Russian Paper Shuttered Over Tajikistan Slur
The Tajikistan edition of Russian newspaper Komsomolskaya Pravda has been shuttered following publication of an article that officials say cast aspersions on the country.
The offending piece, written by Russian journalist Sergei Ponomaryov, was indeed an exercise in crude stereotypes and drew on characters popularized by sketch show “Nasha Russia.”
The opening paragraph sets the tone for the rest of the article: “On the plane from Moscow to the ancient city of Khujand, the capital of northern Tajikistan and the second city in the country, mine was the only Slavic countenance. The rest was straight-up Ravshan and Jamshuds.”
The premise of the sketches featuring those migrant laborer characters was to show Tajiks as primitive and dimwitted, although nonetheless sometimes besting their exasperated Russian taskmasters. The 2011 film made from the TV show was banned in Tajikistan.
Sharif Hamdampur, editor of the Tajikistan edition of the tabloid, was quick to agree about the offensiveness of the article.
“When I read the article I understood that it respected neither journalistic nor professional ethical standards. In the article there are statements that insult Tajiks and the country as a whole,” Hamdampur said on July 21.
The editor said he appealed in vain with the newspaper’s top management to have the article spiked.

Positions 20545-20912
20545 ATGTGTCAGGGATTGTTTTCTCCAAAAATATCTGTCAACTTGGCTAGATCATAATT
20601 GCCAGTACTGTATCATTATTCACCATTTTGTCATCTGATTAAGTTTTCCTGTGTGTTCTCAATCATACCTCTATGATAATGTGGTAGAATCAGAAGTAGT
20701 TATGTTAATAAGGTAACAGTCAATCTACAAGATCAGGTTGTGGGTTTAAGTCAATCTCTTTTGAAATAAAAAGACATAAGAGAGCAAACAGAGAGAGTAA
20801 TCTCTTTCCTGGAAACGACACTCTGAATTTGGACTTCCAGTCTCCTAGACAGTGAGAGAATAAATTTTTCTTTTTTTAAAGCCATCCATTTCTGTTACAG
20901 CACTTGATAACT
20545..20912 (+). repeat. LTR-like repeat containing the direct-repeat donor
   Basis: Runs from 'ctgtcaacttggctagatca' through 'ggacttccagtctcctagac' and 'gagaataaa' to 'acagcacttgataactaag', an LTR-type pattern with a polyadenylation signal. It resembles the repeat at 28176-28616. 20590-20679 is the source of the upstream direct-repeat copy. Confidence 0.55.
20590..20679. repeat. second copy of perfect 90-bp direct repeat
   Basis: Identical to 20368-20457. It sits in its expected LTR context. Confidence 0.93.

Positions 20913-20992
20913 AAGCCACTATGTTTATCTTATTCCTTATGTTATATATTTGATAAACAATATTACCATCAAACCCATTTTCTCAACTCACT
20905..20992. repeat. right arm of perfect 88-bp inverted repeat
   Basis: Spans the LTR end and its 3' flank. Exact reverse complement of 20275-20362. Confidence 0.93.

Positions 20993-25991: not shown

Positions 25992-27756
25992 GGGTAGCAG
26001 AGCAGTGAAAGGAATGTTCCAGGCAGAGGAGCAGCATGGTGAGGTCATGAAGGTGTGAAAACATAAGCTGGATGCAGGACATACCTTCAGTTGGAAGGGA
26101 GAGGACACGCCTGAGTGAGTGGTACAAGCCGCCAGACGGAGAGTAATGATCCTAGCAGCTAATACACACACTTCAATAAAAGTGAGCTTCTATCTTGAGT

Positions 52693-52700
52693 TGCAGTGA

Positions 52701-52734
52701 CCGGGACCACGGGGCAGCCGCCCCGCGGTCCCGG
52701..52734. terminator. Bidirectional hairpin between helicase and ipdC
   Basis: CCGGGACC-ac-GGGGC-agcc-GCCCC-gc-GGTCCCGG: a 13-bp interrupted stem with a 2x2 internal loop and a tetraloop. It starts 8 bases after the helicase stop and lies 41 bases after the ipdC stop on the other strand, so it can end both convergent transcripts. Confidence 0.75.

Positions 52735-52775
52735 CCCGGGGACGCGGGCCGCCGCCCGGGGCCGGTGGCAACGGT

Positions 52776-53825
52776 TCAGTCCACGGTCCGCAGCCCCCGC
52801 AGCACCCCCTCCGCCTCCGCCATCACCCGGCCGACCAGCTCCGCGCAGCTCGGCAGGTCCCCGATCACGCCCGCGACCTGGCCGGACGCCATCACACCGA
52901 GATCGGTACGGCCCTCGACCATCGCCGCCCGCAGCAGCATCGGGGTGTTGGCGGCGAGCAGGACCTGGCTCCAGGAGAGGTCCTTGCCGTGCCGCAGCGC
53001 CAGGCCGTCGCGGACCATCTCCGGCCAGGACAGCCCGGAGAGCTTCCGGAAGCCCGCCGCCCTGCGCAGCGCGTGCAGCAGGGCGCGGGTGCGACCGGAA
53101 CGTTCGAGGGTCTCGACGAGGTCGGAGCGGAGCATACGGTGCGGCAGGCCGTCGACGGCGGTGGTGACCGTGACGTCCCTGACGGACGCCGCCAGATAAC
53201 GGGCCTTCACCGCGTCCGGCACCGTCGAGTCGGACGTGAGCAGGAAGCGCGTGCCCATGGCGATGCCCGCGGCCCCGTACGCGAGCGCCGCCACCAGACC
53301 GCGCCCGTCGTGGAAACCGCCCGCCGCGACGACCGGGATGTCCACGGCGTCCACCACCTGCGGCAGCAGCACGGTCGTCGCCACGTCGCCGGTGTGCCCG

“Within two days, I took the decision to halt the activities of this newspaper in Tajikistan,” he said.”This is because this newspaper, with which I cooperate, has offended my nation and my government. He [the journalist] even says: ‘I went to the country of Ravshan and Jamshud’ and not to Tajikistan.”
Hamdampur might be slightly overstating his position, not least since news of the shuttering of the local edition of Komsomolskaya Pravda, which had a circulation of 5,000, was announced several days after the delinquent article was published. In fact, the article also reserved some ribald observations about President Emomali Rahmon, raising suspicions that was where the real trouble lay.
Russian media have had a troubled history in Tajikistan. Authorities have to date refused to grant accreditation to a local bureau of Russian state propaganda organ Rossiya Segodnya, the holding company behind the notorious Sputnik website.
And in 2009, the government blocked rebroadcasting of several Russian television station such as RTR-Planeta, Pervy Kanal, NTV and TNT. The channels are still regularly viewed in households with satellite dishes, however.
Although Russia and Tajikistan are ostensibly close allies, Dushanbe all the same views Moscow with deep suspicion and likely recalls well how Russian state television ran a systematic smear campaign against Kyrgyzstan’s President Kurmanbek Bakiyev before his overthrow in 2010.